Thursday, October 9, 2008
It sounds like the government has several issues in its prosecution of Senator Ted Stevens.
- For one there has been the question of whether the prosecution has provided all exculpatory material to the defense. It is mandatory that all exculpatory material be turned over to the defense. In addition to this being a requirement of law, it is also in the rules of professional conduct that regulate many attorneys. Rule 3.8 of the ABA Model Rules of Professional Conduct provide -
The Prosecutor in a criminal case shall: ...(d) make timely disclosure to the defense of all evidence or information known to the prosecutor that tends to negate the guilt of the accused or mitigates the offense.....except when the prosecutor is relieved of this responsibility by a protective order of the tribunal.
The court allowed the case to proceed, but the judge's comments to the jury could hurt their credibility with the jury. Del Quentin Wilber, Washington Post, Judge Assails Evidence in Stevens Trial -Jurors to Be Told to Ignore Two Pieces From Scolded Prosecution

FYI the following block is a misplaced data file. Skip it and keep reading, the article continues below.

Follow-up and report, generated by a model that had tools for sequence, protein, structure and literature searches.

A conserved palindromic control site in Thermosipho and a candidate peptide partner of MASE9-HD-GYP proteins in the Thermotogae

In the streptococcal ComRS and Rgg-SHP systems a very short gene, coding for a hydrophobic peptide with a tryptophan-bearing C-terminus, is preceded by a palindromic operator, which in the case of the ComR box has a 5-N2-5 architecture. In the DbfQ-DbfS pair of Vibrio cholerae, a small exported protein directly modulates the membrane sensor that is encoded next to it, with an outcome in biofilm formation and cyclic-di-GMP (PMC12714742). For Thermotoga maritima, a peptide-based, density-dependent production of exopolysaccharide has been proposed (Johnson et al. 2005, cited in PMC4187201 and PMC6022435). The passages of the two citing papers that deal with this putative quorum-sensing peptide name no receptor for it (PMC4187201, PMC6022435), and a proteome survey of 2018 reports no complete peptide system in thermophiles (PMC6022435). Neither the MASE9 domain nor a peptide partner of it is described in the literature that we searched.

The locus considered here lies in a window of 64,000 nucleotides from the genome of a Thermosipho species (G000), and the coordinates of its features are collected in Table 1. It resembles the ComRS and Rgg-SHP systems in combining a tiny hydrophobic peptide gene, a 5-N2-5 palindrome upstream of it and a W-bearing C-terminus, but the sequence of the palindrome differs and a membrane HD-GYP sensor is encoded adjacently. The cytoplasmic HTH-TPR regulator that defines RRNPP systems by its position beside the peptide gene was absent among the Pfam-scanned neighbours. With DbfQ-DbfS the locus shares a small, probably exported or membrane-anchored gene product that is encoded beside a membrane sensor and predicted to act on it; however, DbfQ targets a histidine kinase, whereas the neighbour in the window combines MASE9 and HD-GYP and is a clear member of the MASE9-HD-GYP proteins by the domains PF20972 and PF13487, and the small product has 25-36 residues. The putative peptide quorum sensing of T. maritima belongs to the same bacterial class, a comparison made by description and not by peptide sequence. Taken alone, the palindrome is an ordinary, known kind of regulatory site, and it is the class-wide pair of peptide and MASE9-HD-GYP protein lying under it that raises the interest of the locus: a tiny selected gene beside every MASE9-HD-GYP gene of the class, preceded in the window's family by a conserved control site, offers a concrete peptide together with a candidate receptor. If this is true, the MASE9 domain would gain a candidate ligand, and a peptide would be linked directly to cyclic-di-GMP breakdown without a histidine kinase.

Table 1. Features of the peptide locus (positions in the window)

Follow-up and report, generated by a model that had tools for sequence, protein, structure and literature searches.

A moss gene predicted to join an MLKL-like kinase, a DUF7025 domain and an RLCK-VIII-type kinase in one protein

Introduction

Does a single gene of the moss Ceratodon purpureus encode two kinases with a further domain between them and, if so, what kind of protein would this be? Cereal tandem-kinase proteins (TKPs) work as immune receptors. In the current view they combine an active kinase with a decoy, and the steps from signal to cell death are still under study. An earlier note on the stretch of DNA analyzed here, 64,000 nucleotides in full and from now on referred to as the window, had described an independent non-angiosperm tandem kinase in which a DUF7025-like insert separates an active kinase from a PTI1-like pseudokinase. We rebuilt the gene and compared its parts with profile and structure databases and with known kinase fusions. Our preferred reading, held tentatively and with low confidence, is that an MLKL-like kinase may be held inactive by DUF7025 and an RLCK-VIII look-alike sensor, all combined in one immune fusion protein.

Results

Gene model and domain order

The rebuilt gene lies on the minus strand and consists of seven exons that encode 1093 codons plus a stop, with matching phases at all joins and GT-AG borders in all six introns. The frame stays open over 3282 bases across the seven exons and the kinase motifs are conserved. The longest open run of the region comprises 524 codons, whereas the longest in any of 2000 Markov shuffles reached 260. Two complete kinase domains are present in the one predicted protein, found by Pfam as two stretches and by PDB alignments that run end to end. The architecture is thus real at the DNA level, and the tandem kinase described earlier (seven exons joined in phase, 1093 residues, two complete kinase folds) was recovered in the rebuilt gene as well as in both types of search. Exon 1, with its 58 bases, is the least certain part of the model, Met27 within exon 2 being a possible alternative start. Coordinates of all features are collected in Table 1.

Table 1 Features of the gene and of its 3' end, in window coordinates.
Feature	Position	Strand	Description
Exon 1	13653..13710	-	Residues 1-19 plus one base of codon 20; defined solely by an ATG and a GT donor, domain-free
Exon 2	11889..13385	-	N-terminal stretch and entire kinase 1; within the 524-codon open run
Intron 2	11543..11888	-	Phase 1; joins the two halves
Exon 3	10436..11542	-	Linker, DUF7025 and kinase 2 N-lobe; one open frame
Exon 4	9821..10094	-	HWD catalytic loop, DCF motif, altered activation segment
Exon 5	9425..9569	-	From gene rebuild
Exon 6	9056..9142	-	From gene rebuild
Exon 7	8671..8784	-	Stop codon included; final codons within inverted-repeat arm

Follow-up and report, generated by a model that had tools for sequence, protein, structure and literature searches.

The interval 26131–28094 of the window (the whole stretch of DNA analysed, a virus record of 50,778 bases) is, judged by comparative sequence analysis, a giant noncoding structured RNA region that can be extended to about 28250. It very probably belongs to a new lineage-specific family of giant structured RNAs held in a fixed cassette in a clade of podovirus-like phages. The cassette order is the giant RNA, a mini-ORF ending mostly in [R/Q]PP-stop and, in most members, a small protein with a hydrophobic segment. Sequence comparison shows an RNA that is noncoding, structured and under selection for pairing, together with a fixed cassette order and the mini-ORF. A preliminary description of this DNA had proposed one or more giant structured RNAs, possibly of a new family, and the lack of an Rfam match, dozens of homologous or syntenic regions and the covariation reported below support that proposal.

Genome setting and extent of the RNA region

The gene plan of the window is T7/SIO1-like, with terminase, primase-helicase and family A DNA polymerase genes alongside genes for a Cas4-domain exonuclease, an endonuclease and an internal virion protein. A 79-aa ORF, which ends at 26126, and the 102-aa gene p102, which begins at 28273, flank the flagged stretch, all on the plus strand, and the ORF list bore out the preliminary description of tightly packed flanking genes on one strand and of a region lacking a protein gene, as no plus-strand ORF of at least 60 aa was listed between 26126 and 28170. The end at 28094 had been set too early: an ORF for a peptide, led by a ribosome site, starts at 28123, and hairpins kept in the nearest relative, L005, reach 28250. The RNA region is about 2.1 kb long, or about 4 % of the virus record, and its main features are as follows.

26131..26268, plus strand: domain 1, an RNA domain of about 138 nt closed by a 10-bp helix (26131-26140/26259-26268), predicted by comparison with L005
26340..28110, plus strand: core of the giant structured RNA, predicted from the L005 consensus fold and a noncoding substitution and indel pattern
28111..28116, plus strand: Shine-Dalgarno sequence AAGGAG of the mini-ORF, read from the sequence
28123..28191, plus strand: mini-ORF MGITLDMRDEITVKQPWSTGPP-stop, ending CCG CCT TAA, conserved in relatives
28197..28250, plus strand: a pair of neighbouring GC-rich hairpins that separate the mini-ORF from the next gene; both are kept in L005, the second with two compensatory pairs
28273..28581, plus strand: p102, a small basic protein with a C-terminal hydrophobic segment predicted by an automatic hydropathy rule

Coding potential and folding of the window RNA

- To tell the jury to disregard evidence presented because prosecutors had knowledge that the witness had worked in a different state for time listed in the records, also hurts credibility. See James Vicini, Washington Post (Reuters), Prosecutors wrap up case against Sen. Stevens; BLT Blog, Federal Judge Slams Prosecution in Stevens Trial -- Again
- Cooperating witnesses are always subject to scrutiny. But when the cooperating witness has benefitted enormously by cooperating with the government, the testimony becomes suspect. What was the benefit here and will if effect the credibility of the witness? see here.
- And is the evidence sufficient here to sustain a conviction - the ultimate question that the jury will be resolving.
- Having the defense bring in a Democrat senator as a character witness is powerful to say the least. See Del Quentin Wilber, Washington Post, Inouye Praises Steven's Integrity